A chenille shamrock Saint Patrick's Day pin with its backing card. It is about 3 1/2" x 4" and was made in Japan.
This child's card stands about 7 1/2" high, AND IT'S FLOCKED, can there be anything better?
The price for this packet of Dennison St. Patrick's Day seals was only 19 cents.
These two home made party place-cards were made using the Dennison seals illustrated above.
A vintage souvenir plaque from Ireland. It is paper bonded onto thin plywood and cut out.
This leprechaun is a Dennison party decoration.
There are 6 leprechaun face paper plates in this unopened cellophane wrapped set.
This St. Patrick's Day gift is a poem printed and bound in book form. There are five pages to the poem. The poem is only printed on the right hand page. The left side is left blank. On the inside it is inscribed –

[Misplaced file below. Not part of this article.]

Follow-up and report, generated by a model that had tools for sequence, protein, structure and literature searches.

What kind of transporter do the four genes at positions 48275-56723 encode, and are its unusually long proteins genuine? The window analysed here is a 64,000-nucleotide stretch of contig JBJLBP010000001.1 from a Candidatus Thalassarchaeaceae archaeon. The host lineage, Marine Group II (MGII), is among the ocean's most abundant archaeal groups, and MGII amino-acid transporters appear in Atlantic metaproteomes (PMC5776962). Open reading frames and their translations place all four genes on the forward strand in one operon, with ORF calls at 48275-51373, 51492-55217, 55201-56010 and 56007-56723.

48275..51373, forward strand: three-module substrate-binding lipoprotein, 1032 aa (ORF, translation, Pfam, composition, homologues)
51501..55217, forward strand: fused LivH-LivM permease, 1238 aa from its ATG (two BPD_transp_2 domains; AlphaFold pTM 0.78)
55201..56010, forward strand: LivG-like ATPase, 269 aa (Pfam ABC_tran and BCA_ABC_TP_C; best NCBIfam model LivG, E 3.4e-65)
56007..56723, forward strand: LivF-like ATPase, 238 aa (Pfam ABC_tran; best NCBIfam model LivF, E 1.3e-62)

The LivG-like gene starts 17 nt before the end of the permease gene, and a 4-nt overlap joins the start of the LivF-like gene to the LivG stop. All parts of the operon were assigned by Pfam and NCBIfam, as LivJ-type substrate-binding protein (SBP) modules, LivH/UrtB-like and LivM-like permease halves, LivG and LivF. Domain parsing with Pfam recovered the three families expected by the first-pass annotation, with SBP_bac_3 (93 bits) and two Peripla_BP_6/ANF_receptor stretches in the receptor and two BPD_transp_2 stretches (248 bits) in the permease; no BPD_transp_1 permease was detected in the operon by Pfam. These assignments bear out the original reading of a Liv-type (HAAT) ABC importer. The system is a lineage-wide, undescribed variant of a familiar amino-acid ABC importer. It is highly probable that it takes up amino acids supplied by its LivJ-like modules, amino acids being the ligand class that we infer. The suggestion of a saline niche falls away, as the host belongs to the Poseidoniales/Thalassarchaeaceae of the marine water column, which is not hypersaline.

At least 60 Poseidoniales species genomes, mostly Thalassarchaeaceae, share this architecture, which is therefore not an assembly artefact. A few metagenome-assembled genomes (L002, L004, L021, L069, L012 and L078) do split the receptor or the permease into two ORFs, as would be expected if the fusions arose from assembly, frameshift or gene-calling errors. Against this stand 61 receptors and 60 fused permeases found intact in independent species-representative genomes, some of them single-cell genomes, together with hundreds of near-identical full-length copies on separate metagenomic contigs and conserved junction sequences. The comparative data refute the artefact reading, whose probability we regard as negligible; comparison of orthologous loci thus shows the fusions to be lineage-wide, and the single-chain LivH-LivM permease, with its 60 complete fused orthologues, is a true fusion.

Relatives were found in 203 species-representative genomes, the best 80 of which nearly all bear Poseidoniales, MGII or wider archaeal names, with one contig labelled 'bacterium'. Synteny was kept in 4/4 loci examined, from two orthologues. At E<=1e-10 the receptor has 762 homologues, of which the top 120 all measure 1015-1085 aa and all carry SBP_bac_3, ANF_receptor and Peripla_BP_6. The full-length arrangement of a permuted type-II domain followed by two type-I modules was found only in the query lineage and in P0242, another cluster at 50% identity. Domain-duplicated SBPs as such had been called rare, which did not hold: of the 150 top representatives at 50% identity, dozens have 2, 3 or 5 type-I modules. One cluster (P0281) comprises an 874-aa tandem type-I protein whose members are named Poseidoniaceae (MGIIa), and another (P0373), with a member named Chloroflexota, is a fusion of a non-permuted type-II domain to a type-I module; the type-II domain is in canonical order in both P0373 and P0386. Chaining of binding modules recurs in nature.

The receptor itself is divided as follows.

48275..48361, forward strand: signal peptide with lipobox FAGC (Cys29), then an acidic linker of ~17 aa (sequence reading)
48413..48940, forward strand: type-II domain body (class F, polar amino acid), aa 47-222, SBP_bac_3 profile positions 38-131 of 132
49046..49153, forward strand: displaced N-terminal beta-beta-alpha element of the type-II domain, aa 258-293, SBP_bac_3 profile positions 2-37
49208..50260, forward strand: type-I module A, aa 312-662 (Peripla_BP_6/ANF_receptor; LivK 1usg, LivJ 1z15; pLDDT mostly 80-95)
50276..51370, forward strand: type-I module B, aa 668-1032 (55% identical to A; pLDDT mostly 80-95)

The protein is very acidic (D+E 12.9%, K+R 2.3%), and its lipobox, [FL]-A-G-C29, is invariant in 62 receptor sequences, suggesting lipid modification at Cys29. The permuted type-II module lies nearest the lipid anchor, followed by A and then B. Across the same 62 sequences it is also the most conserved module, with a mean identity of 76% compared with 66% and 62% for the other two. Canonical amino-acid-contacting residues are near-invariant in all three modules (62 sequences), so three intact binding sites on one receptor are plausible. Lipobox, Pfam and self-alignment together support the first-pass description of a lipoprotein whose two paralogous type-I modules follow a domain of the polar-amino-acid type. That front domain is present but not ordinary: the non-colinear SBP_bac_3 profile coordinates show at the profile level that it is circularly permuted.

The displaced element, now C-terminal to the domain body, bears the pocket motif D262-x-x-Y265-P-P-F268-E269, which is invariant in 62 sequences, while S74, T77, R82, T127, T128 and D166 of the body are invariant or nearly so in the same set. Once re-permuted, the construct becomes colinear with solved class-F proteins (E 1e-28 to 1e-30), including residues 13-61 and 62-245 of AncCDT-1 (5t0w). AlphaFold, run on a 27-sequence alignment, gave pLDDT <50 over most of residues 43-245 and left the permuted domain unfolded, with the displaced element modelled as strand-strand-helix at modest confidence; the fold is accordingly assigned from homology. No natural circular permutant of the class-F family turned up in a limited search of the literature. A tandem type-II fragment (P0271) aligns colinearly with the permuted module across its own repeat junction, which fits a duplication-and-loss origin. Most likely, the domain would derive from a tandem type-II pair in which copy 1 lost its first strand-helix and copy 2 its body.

P.F. Volland and Co.
(ALL RIGHTS RESERVED)
All Irish chocolates come in a box exactly like this! The hat is cut out and applied to a rectangular box underneath.
This celluloid covered metal pin back pin would be worn so that all can see you are Irish (no matter where you were born!).
I have worn this vintage tie in public on Saint Patrick's Day! I like it better than most of the "Irish" ties that I have seen. I do have a skinny green 1960's tie with two tiny shamrocks very tastefully placed on the tie. I guess I'm not much for good taste.
This is a souvenir hankie from the early part of the 20th century. It came from someone in my family tree. I have no idea if it was from my dad's or mum's side but I have always liked the colours used in the printing. It appears to have been printed with a process called chromolithography I'm not certain though. If anyone knows if they did this printing process on fabric let me know.